Artist’s Statement

My concept of the seams of a society, as on a garment, refers to being placed at the edge, marginalized, or disenfranchised, but this can also indicate conditions that hold a people together, that bind.

Each of my “Seams” works takes the viewer on a cultural journey. I want you to meet a few of my friends, colleagues, and acquaintances in places I have had the great fortune to visit or to work. I am excited to show how culture and economics shape people’s lives. I hope you can imagine the lives of the people I try to portray.

I want to challenge stereotypes in the figurative and cultural depiction of people. My previous series, entitled “Black Lives Matter” (2020), is comprised of paintings about American social and political strife. In my current series of paintings, I explore the lives of Africans in Karatu, Tanzania, a rural town where I have lived and worked over several summers as a physician. People who work in or are served by the hospital live with the lingering effects of colonialism. They grapple with political, educational, and economic conditions that make it difficult to advance.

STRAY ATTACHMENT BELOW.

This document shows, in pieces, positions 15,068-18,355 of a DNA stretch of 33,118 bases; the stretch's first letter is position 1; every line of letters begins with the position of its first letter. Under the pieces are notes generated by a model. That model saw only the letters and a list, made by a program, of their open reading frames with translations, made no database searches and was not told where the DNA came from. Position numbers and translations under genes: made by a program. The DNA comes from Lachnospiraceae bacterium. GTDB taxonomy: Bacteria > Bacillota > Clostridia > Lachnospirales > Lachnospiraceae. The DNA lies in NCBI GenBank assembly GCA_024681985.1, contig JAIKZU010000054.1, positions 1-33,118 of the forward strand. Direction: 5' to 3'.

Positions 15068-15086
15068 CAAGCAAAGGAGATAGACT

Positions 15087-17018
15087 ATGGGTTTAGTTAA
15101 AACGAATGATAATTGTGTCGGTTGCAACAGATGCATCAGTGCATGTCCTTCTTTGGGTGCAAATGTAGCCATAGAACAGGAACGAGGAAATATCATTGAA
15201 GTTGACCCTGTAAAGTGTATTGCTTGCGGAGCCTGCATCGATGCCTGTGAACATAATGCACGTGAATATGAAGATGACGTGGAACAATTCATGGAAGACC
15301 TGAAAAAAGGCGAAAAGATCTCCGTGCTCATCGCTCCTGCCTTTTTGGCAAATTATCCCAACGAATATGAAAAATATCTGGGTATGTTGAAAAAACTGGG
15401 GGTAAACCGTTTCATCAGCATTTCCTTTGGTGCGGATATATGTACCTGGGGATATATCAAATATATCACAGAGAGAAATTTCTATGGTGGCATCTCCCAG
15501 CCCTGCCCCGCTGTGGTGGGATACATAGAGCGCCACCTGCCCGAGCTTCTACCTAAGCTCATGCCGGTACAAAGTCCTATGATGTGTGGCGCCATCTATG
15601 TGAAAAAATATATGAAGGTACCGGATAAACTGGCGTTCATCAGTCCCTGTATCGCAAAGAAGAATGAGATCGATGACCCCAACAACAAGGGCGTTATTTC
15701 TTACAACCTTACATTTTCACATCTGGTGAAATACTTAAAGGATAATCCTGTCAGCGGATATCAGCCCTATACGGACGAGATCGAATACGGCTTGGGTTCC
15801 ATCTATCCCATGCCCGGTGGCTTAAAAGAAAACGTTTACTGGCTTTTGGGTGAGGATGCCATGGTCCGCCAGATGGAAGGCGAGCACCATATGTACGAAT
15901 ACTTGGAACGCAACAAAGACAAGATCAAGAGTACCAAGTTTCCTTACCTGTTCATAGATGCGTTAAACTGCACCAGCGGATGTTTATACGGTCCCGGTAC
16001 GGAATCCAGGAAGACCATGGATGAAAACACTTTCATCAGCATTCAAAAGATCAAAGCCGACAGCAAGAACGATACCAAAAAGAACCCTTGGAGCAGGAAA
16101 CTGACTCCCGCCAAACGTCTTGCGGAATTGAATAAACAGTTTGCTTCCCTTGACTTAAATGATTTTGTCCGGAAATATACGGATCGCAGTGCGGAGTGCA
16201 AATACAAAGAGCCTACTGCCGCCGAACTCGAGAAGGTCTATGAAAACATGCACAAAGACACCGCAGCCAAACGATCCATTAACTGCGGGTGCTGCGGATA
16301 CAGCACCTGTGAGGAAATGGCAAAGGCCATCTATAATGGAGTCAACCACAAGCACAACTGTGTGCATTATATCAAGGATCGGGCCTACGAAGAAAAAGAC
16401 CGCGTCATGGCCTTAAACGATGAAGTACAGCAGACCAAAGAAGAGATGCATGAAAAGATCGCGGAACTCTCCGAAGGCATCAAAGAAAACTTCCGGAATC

I have been painting with oil on paper that I mount on canvas. I utilize my own handmade stamps developed from traditional Tanzanian kitenge cloth to print the backgrounds. The size of my works varies from 22 x 30 inches to 46 x 30 inches. I sometimes use mono print and mixed media techniques.

Paint has a way of telling its own story and not always the story intended by the subject or by the artist. My goal is not to be photorealistic or documentarian but rather to offer you a moment to slow your mind as you imagine the lives of others and explore with me the “Seams of Societies”.
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